In an interview with Rolling Stone to be published later this week, presumptive Democratic Presidential nominee Barack Obama has revealed some of the contents of his personal iPod. “I have pretty eclectic tastes,” said Obama, who said he had music from a wide range of artists on his iPod, from Miles Davis and John Coltrane to Jay-Z and Ludacris. Obama, who grew up in the 1970’s, said he listened to the Rolling Stones (his favorite Stones track is the seminal “Gimme Shelter”), Elton John, and Earth Wind and Fire, adding that Stevie Wonder was his “musical hero” of the period.

Interestingly, Obama also had a wide selection of tracks from Apple CEO Steve Jobs’ favorite Bob Dylan, including the entire Blood on the Tracks album. “Actually, one of my favorites during the political season is ‘Maggie’s Farm,’ ” Obama said. “It speaks to me as I listen to some of the political rhetoric.” In the song, Dylan sings about trying be himself, “but everybody wants you to be just like them.” Many musicians appearing on Obama’s iPod have lent him their support during his campaign, including Dylan and Bruce Springsteen. “I’ve got to say, having both Dylan and Bruce Springsteen say kind words about you is pretty remarkable,” Obama said. “Those guys are icons.”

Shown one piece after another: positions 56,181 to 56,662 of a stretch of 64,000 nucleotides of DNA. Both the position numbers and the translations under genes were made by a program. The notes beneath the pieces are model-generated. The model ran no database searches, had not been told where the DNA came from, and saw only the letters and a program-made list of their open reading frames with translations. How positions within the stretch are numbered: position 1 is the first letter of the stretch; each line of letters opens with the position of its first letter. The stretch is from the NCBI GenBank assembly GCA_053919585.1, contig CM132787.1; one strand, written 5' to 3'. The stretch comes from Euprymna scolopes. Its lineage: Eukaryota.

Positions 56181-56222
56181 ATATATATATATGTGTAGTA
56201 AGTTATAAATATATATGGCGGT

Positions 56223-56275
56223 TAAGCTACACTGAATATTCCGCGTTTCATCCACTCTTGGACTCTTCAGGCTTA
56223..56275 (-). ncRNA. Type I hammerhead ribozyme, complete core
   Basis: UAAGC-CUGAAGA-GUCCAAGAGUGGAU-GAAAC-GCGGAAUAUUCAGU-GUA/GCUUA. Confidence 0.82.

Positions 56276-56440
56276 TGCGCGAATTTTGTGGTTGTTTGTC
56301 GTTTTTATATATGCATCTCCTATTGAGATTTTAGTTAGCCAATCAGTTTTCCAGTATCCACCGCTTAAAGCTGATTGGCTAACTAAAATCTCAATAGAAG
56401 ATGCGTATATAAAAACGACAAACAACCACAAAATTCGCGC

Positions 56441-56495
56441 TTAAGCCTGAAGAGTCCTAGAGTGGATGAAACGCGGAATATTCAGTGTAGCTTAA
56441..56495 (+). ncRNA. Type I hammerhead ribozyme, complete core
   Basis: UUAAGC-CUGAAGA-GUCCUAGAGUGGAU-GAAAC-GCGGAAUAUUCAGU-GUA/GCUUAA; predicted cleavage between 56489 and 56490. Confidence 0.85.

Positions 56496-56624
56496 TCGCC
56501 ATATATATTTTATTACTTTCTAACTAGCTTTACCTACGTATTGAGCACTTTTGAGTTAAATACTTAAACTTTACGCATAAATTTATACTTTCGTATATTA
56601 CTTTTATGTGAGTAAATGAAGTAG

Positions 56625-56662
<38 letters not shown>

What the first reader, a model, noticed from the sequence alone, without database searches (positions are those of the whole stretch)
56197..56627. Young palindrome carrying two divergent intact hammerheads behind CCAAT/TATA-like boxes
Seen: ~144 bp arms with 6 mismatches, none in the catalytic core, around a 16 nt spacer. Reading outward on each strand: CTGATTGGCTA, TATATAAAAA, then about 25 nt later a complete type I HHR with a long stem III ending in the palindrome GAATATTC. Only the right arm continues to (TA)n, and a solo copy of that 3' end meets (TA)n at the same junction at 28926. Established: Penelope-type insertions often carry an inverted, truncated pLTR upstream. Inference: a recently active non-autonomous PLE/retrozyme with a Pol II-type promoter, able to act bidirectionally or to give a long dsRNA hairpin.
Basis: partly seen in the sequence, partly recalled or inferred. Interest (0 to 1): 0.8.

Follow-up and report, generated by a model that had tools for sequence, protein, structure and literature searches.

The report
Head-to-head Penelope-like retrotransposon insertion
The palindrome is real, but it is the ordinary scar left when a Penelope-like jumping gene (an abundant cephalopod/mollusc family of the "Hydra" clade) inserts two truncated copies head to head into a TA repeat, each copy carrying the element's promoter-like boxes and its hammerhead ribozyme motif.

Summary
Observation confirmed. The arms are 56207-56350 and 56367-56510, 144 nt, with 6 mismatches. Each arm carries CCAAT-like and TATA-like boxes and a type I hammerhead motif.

Obama also admits to having concerns over the the content of some rap music to which his daughters might be exposed. “I am troubled sometimes by the misogyny and materialism of a lot of rap lyrics,” he said, “but I think the genius of the art form has shifted the culture and helped to desegregate music.” He went on to call hip-hop mogul Russell Simmons and rappers Jay-Z and Ludacris “great talents and great businessmen,” adding that “it would be nice if I could have my daughters listen to their music without me worrying that they were getting bad images of themselves.”

Charles Starrett

Charles Starrett was a senior editor at iLounge. He's been covering the iPod, iPhone, and iPad since their inception. He has written numerous articles and reviews, and his work has been featured in multiple publications.